Alan Abadie, who served as executive counsel for former St. Bernard Parish President Henry “Junior” Rodriguez, was charged this week with possession of child pornography, according to District Attorney Perry Nicosia.

The charge, which stems from a 2009 incident that already has been investigated and prosecuted in California, comes just days before Rodriguez will face off in a heated election against Randy Nunez, the first-term clerk of court.

Rodriguez, who lost a bid for a second term as parish president in 2007, said last month that he was coming out of retirement to run for clerk because Nicosia, Nunez and Assistant District Attorney Lance Licciardi — all former law partners — have gained too much influence over the parish courthouse.

He said this week that he finds it odd that the charge against one of his former aides is coming so close to the Oct. 24 election.

“I find the timing funny, that’s all, that it comes up at this particular time,” he said.

Abadie, who lives in Meraux, was on active probation for a felony child endangerment conviction in Los Angeles related to his taking pornographic videos of a 16-year-old California girl while they were on AOL Instant Messenger.

Nicosia said he decided to pursue additional charges related to the incident after his office received a letter in mid-September from the Louisiana Supreme Court stating that Abadie had surrendered his law license for criminal activity involving children.

Nicosia said the letter caused his office to investigate “whether he had violated any laws by failing to register as a sex offender.”

It turned out that Abadie hadn’t registered and was not required to do so.

Then, Nicosia said, he found that “Los Angeles was under the impression that St. Bernard would handle the child pornography possession. But lo and behold, like other things in St. Bernard, it was never pursued.”

Nicosia was elected district attorney in November after longtime DA Jack Rowley chose not to run for re-election and then died in office.

“The child endangerment was the only thing the Los Angeles authorities could get on Abadie,” Nicosia said. “And it became evident that our prior DA didn’t want to go forward on the potential charges out there.”

Abadie, 68, is accused of posing as a German magazine editor in order to take the videos of the Long Beach girl while they were chatting online in 2009.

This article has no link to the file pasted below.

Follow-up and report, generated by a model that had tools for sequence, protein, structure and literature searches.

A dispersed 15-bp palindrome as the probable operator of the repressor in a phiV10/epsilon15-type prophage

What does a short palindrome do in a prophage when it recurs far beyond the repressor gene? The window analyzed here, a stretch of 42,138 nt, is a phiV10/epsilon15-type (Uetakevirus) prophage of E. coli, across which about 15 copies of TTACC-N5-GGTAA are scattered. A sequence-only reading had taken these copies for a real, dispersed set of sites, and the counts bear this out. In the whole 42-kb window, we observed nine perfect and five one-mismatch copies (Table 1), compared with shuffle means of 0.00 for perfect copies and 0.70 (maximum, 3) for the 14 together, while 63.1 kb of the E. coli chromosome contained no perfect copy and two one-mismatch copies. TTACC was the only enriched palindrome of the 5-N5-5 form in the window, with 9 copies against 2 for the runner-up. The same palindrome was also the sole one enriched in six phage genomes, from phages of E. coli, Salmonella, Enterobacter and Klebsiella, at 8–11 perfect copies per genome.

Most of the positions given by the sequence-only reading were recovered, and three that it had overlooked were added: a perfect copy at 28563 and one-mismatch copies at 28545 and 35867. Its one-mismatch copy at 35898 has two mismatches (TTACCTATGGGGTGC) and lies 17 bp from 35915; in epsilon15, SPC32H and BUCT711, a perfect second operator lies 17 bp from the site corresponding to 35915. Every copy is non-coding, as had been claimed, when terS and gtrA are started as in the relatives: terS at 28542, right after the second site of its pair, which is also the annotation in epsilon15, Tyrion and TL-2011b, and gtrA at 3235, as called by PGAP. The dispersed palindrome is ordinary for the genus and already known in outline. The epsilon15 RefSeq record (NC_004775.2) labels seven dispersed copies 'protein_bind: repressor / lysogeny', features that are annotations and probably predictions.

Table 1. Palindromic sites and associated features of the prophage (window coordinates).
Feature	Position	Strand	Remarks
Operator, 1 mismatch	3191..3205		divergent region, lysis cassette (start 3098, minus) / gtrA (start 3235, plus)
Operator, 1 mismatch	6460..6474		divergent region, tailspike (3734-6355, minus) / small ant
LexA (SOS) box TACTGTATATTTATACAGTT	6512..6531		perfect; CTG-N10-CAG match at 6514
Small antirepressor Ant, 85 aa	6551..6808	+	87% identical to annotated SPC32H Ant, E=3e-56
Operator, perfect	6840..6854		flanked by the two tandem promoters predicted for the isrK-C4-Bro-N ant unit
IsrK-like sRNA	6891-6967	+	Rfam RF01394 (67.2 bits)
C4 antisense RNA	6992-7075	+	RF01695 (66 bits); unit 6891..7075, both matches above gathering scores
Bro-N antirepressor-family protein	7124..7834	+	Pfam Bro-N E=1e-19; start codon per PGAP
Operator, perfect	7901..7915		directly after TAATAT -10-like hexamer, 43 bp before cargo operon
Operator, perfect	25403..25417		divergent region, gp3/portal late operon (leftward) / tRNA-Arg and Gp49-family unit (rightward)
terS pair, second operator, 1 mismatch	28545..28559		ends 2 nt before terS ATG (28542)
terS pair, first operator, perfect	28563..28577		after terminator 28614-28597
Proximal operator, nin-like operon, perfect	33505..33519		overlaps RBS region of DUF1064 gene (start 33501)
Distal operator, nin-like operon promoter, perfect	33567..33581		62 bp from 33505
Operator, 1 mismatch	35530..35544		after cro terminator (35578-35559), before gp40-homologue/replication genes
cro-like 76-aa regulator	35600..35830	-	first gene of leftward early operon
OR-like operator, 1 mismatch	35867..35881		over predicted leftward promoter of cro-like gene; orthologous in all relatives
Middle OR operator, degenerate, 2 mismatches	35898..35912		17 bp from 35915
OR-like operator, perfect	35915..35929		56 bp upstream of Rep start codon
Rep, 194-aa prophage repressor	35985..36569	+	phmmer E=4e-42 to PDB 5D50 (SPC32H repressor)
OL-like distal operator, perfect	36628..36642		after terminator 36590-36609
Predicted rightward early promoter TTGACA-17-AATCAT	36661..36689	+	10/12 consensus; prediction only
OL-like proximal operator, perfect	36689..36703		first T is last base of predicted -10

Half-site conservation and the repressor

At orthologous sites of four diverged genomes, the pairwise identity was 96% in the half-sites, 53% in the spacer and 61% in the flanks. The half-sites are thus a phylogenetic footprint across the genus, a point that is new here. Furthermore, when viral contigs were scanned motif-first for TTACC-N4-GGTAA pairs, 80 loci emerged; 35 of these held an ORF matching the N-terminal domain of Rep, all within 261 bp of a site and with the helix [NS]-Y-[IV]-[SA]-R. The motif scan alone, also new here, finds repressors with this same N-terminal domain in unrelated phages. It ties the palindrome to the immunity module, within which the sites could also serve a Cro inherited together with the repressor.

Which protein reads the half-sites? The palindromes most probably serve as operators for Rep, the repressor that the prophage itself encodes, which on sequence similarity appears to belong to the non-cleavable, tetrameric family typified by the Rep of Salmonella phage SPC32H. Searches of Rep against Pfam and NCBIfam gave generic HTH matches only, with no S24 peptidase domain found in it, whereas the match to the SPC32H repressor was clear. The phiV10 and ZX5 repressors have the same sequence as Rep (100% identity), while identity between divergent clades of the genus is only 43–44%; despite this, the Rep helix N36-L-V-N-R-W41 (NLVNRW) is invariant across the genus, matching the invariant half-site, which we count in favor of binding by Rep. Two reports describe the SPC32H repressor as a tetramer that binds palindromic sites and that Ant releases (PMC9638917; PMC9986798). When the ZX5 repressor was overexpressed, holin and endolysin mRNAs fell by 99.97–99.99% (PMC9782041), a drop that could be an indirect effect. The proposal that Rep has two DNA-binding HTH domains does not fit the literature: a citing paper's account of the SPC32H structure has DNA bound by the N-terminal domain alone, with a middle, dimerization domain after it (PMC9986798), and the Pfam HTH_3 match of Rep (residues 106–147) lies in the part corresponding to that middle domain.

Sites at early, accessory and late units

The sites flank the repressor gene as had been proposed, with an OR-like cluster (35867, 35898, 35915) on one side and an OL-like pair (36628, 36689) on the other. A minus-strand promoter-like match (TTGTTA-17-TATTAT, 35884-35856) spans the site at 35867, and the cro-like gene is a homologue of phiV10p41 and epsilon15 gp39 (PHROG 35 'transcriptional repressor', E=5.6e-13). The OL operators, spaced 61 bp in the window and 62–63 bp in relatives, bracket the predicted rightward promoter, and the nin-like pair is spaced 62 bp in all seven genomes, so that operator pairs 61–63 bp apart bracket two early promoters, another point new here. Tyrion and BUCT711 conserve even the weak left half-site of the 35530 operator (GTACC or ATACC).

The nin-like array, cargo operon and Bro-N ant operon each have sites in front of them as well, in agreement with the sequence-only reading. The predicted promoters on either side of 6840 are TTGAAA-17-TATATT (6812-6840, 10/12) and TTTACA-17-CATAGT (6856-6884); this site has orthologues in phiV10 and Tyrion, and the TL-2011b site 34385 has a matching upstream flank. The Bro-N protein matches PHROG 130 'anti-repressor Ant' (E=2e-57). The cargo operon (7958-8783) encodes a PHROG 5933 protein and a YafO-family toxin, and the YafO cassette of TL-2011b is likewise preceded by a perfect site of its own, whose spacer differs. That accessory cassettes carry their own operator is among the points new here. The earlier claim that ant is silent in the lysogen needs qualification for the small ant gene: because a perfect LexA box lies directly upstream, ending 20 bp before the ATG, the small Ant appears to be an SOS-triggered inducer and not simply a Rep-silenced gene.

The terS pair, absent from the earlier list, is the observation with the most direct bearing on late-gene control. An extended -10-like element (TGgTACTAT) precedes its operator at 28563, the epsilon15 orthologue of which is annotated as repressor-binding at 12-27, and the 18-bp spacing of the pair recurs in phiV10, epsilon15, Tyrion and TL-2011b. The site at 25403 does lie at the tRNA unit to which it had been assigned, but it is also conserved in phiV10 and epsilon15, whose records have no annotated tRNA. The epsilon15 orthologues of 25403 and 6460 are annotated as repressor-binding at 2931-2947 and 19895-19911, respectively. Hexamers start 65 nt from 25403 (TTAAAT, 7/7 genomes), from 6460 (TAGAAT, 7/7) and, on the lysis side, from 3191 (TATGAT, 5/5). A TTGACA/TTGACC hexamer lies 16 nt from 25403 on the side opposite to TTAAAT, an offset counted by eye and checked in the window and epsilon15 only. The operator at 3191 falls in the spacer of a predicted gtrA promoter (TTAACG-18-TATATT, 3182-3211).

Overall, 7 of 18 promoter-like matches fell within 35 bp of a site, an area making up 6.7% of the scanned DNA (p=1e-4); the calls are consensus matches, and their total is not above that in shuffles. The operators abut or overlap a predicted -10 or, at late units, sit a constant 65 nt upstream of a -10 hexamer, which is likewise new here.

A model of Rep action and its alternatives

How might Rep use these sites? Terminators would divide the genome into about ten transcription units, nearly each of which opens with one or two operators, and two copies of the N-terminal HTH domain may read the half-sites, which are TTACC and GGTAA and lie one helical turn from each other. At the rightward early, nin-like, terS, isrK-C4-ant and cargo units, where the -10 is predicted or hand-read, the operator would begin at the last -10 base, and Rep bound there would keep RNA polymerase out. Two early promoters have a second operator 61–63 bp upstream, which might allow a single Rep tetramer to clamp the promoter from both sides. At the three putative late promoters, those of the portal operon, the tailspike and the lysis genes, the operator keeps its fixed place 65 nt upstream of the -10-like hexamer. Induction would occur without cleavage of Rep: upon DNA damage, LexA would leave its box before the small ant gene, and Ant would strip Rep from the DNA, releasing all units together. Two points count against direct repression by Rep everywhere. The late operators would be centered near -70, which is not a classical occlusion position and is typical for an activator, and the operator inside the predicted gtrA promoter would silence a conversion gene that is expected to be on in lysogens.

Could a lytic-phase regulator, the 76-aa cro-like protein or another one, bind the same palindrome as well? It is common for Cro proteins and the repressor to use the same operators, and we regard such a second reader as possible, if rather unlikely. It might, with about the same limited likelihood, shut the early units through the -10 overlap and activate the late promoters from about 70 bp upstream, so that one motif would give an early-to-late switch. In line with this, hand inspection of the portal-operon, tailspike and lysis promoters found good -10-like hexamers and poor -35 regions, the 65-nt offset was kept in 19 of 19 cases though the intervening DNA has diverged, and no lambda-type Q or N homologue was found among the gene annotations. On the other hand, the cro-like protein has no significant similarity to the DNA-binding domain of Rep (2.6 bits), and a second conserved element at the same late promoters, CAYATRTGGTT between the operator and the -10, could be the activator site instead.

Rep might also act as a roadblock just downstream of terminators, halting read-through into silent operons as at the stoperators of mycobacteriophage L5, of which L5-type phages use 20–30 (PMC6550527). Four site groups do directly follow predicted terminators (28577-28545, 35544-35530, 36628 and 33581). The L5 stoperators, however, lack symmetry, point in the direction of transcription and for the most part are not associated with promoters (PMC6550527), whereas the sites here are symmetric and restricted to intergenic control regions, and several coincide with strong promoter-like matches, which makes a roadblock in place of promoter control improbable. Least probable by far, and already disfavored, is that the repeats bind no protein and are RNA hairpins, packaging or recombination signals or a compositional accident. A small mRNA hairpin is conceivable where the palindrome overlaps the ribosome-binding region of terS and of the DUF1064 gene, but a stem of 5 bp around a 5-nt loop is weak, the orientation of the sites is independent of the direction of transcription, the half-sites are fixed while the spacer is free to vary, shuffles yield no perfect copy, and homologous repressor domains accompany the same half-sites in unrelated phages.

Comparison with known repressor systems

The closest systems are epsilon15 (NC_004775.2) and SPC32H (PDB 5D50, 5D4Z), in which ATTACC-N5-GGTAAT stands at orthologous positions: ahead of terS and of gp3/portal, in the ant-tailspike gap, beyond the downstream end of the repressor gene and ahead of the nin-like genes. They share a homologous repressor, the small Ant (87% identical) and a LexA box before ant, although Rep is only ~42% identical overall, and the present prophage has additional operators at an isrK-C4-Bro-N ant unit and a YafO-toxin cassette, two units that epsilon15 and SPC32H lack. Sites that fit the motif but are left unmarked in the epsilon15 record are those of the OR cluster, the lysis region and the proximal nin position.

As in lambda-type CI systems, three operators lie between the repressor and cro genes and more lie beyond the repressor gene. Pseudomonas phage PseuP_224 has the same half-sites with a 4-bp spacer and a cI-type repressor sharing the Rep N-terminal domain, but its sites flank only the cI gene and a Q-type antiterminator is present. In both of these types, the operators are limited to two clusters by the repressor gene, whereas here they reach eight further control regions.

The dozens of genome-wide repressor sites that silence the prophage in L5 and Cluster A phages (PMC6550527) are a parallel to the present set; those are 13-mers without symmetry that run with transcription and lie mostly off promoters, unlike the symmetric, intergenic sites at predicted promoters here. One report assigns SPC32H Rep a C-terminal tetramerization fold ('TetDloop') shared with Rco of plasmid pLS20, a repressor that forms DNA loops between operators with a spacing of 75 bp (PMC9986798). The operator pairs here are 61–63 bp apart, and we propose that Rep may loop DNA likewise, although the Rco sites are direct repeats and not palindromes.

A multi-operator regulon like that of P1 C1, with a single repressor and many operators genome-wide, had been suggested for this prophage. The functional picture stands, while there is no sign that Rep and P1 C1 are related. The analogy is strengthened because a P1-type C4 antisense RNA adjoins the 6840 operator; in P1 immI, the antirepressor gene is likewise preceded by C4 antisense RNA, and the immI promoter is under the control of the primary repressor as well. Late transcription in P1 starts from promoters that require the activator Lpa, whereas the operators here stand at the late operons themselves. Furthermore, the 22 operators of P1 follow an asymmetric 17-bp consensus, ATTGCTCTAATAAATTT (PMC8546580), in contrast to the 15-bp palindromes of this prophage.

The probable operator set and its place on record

He offered to pay her $5,000 and told her he had an office in Los Angeles, according to the DA’s Office. When she told him that she was only 16, Abadie told her he could get her a fake ID, a district attorney’s spokesman said.

After a St. Bernard grand jury indicted Abadie on Wednesday, Judge Jeanne Nunez Juneau issued an arrest warrant and set bail at $300,000. Abadie remained in jail Thursday.

Nicosia said he considered the timing of the investigation, coming just before an election, but decided to move forward. The date of the grand jury meeting was the next one available after receiving the Supreme Court letter, he said, and an investigator from his office flew to Long Beach last week to interview the victim and confirm details of the case.

“My question with the current charge was: Do I wait until after the election or do I do it before?” Nicosia said. “I don’t want to think that an election will delay me from doing anything or cause me to do anything.”

The Los Angeles County Sheriff’s Department initially launched an investigation in 2011 after the girl’s parents learned of the interaction, according to the St. Bernard DA’s Office.

As a result, Los Angeles sheriff’s deputies came to Meraux and, with the assistance of the St. Bernard Parish Sheriff’s Office, obtained a search warrant for Abadie’s home, where they discovered the two videos.

Abadie was a longtime public servant in St. Bernard, serving at one time as jail warden and later as executive counsel for Rodriguez from 2004 to 2007. He left St. Bernard government when newly elected Parish President Craig Taffaro did not keep him on. In 2008, he began working as the warden of the Lafourche Parish jail, where he remained until late 2010.

Los Angeles authorities issued an arrest warrant for Abadie on Dec. 22, 2011, and on Jan. 19, 2012, he was charged with a felony, accusing him of using a minor for sex acts between May 1, 2009, and June 30, 2009, according to court records. He posted a $10,000 bond later that day, the records show.

In September 2013, Abadie pleaded no contest in Los Angles to felony child endangerment. He was sentenced on March 12, 2014, to three years of probation, to be supervised in Louisiana.

Then on Nov. 6, 2014, the Louisiana Supreme Court’s Louisiana Attorney Disciplinary Board sent Abadie a letter informing him it “has received information containing allegations of misconduct indicating that you were charged with willful cruelty to a child and sentenced in Los Angeles.”

The next month, Abadie admitted the conviction to the disciplinary board and wrote that he had “effectively retired from the practice of law at the age of 63,” or in about 2010. Also in December, he agreed to permanently resign from the practice of law in lieu of possible discipline from the board.

Nicosia said in a statement that recent prosecutions by his office, including a life sentence for an Arabi man early this year for aggravated rape of a 10-year-old boy, “make it very clear that protecting children is a primary objective” of his office, “which maintains a zero tolerance policy” for those who commit violent and sexual crimes.